Stunning drone footage reveals bowhead whales feeding, swimming patterns
UBC researcher spent 4 summers studying the mammals in Canadian Arctic
Bowhead whales like their afternoon siestas.
That's what UBC's Sarah Fortune realized after she and her fellow researchers gathered and analyzed stunning drone footage of the mammals in the eastern Canadian Arctic.
"The team was able to watch the whales and found that they spent the early morning feeding in deep water and then rested in shallow, coastal waters during the afternoon," Fortune said.
She and the team spent four summers in Cumberland Sound, Nunavut — just a few kilometres shy of the Arctic Circle — studying the whales.
She believes this is the first intensive effort to study bowhead whales with the use of an aerial drone, and says researchers now have a better understanding of how the whales forage and travel.
"When you're on a boat, you can't observe the entire body ... it's like the tip of the iceberg," she said.
But the aerial footage, along with the clarity of the northern waters, means researchers can now observe the whales' body language in real time. Fortune says the whales did not seem bothered by the drones.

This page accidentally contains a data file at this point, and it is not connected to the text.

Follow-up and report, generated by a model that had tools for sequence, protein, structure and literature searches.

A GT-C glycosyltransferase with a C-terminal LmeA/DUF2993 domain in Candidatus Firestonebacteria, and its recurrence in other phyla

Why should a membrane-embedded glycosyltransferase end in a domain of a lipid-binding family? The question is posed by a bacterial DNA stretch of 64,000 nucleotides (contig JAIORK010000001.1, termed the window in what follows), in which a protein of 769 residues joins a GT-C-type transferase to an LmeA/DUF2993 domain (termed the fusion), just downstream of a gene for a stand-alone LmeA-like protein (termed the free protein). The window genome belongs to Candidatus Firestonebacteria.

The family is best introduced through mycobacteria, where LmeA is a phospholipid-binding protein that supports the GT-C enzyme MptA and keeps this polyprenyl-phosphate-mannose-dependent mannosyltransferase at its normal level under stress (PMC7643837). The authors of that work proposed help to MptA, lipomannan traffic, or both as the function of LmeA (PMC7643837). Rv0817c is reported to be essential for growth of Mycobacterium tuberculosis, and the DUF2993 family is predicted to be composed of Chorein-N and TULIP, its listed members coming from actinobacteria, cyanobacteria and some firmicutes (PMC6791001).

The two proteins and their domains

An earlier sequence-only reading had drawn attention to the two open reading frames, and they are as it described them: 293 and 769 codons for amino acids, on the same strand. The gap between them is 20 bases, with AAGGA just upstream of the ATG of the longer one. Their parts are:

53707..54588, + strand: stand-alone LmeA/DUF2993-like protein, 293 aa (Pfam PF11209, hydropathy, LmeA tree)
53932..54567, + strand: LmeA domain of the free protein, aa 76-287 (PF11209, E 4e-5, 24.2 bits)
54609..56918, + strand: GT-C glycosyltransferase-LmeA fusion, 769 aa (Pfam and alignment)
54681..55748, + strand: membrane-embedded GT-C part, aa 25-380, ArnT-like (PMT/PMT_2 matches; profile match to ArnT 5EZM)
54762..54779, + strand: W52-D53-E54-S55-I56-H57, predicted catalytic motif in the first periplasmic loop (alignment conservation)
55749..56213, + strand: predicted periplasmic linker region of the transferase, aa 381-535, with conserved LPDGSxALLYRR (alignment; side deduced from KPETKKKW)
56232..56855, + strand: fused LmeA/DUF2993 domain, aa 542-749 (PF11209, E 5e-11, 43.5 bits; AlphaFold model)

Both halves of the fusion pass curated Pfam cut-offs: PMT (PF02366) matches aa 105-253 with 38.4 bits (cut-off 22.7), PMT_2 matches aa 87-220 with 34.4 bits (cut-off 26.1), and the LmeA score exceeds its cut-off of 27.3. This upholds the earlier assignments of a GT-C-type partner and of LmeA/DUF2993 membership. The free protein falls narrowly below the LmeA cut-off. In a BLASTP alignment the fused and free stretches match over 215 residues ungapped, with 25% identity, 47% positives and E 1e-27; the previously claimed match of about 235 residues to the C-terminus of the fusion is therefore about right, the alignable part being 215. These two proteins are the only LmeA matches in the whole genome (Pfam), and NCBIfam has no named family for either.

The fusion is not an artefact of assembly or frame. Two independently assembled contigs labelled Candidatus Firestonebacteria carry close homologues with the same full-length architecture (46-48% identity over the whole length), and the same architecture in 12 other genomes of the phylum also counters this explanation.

"They paid it as much attention as a bird flying over. It was actually quite remarkable."
Fortune says she is studying the whales to better understand how the whales are affected by climate change.
The bowhead whale is the longest-living marine mammal in the world, yet many questions remain about the biology and feeding behaviour of this elusive animal.
The researchers realized that the whales were not foraging at the surface level, and preferred to dive deeper to eat, even though their prey — small crustaceans — was also at the sea surface.
"Maybe they're getting better prey deeper. We don't know why they are doing that yet and want to do some more analysis on that," Fortune said.
Swimming in formation
It was the social behaviour that fascinated Fortune the most.
"Although it is common to find small groups of whales traveling together, we saw they would often swim in coordinated patterns, almost like a V-formation," she said.
She theorized the whales swam in that pattern to save energy and ride the updraft.
The whales also often rubbed up against each other in a gentle manner.
"It's hard to say what this behaviour is about. I think we look at it and as humans want to say it is affectionate, but some of the whales also have roughened skin patches, so maybe this is their way to shed that."
Fortune says the thousands of images of the whales they collected will be used by other researchers to determine the population size of these whales.
They will use the unique markings to identify the whales, age and body condition.
"This information will be really helpful as we monitor changes to the population's health over time."